Why Should/Shouldn’t My Church Embrace Change? Part XXXX
Isaiah prophesied, “For a child will be born to us, a son will be given to us; and the government will rest on His shoulders; His name will be called Wonderful Counselor, Mighty God, Eternal Father, Prince of Peace.” (Isaiah 9:6) Really, what form of government is resting on his shoulders? Church government? If so, What is that to look like?
The secular political world is all about power and control. Agreement is rare, compromise is common, fighting and squabbling the norm. Corruption hangs around the corner awaiting opportunity, and position and titles are important, yet all claim to be “public servants”. Today’s church government is patterned after the secular, for men are given titles, positions called offices, and claim to be servants to their congregation. Some churches are congregational where members hold the power, other churches have elder boards, and still others have strong senior pastors with full authority. Since churches are institutions, they are governed by secular guidelines, their own bi-laws, and legal paperwork to remain tax-exempt. The first century church was not governed this way.
The first century Church was governed by consensus among believers as peers in Jesus Christ. Consensus does not mean 100% agreement nor majority rule where 49% still disagree. Consensus was when every believer was willing to lay down his personal agenda and lay down their lives to serve one another allowing the Holy Spirit to guide the Church.
The Holy Spirit led the first century Church into accepting” diversity by making all believers peers in Christ. “There is neither Jew nor Greek, there is neither slave nor free man, there is neither male nor female; for you are all one in Christ Jesus.” (Galatians 3:28) Today’s church can no longer segregate itself by sex, race, title, economic status, or denominations. It has to learn to “accept” one another, not be judgmental.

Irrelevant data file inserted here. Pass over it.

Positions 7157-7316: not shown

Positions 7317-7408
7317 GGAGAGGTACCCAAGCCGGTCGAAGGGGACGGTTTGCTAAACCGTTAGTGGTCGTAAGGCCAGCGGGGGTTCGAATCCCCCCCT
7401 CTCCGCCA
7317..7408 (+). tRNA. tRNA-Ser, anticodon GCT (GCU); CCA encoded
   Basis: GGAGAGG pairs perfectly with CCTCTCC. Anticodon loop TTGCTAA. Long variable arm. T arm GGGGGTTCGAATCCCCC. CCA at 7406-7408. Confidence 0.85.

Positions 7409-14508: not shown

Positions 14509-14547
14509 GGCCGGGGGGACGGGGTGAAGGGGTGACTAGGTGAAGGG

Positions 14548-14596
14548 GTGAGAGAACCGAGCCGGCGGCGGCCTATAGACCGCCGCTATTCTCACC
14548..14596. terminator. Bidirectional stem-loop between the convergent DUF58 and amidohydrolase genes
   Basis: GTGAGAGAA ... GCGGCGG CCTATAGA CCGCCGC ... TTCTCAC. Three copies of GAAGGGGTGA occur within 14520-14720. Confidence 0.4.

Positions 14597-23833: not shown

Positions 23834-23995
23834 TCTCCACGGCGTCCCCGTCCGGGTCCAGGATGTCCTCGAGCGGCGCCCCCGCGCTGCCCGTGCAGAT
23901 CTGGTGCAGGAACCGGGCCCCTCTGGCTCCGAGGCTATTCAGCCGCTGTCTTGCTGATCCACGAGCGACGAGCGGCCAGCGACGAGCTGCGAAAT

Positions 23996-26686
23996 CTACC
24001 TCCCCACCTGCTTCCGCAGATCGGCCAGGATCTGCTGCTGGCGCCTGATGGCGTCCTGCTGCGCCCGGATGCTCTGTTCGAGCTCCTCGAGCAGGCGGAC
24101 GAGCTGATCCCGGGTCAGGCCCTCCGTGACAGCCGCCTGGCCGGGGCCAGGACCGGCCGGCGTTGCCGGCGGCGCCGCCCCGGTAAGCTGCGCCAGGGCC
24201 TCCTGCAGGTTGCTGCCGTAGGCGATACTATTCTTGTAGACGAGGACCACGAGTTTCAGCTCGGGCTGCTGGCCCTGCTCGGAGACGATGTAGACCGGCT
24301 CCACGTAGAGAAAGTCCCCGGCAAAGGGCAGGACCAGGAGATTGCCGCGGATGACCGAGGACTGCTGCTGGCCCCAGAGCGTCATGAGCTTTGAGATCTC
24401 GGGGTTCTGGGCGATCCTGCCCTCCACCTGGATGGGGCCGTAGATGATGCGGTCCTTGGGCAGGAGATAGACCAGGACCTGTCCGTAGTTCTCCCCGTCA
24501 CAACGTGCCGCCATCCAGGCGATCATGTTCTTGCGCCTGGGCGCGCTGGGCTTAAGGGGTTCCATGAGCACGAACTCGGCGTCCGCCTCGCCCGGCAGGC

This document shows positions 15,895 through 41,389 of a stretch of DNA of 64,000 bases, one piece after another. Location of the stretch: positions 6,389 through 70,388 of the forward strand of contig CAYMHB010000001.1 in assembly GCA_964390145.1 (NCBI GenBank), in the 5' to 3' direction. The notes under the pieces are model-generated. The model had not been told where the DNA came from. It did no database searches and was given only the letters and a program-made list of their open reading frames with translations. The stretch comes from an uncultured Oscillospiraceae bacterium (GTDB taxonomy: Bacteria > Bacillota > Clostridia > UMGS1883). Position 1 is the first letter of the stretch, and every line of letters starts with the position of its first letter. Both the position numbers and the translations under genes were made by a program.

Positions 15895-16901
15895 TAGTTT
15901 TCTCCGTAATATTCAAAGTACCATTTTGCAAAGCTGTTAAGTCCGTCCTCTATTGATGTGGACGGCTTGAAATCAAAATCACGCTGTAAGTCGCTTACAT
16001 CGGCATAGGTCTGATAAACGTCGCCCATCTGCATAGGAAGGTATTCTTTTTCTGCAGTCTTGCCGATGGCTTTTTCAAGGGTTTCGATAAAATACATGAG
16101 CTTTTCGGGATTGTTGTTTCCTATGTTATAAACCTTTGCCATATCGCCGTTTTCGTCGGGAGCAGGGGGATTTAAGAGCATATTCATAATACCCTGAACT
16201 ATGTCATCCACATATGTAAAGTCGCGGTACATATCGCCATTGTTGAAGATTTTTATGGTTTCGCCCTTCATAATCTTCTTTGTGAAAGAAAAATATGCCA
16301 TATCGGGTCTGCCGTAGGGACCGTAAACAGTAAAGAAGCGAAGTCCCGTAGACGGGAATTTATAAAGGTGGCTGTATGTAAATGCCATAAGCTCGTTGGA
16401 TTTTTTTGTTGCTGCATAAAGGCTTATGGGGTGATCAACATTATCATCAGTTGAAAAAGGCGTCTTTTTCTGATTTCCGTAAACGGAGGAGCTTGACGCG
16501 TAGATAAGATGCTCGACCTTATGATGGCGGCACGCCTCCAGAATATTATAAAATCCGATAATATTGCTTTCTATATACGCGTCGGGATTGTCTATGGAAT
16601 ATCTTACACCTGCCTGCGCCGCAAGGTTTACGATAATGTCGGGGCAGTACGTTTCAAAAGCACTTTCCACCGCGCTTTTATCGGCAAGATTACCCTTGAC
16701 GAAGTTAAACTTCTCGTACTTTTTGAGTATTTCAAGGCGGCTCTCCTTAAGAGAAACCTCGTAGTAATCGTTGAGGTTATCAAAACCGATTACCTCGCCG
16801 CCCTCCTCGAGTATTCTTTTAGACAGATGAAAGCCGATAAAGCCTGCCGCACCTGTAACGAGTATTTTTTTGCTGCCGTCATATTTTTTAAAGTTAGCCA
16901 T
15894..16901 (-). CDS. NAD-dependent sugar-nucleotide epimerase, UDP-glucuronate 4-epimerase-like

In the five fold, no one person governs, the whole body does by trusting the Holy Spirit and each other. The “government rests on His shoulders.” Ironically, the Holy Spirit is not above” believers in a pyramidal paradigm, but indwells each believer. Gods Spirit is among His people for a consensus from the heart. If Church leadership is linear, every believer serves beside his brethren as an equal peer. No one stands alone or above others. All are “to grow up in all aspects into Him who is the head, even Christ, from whom the whole body, being fitted and held together by what every joint supplies, according to the proper working of each individual part, causes the growth of the body for the building up of itself in love.” (Ephesians 4:15-16) That is how the Church governs itself; through body ministry.
Headship does not mean being “over” others, but beside one another as peers. Even in marriage, Eve came from Adam’s side, not his head or foot. Figuratively, they are joined at the hip! I believe that it is God’s will for believers to be “suitable helpers” (Genesis 1:24) as a wife is to her husband in order to be “one flesh” in the Body of Christ. If you are willing to ”lay down our lives for the brethren” and serve one another, people will naturally follow you, making you a leader.
Paul did not serve and govern the first century church alone. He had Barnabas, Timothy, Silas, Mark, Pricilla & Aquila, Tychicus, Onesimus, Aristarchus, Luke, Demas, Nympha, Archippus, Epaphroditus, Apollos, and many others who stood by him. Church leadership should be pluralistic. Ruling or lording over others creates church politics. Ruling by serving one another as a peer, as a brother and sister in the Lord, brings life. Life creates an organism. Properly governing the Church through Christ-like relationships is the only way the church will restore itself from being an organization to again being an organism. That is why the 21st century Church must address a new mindset of governing itself.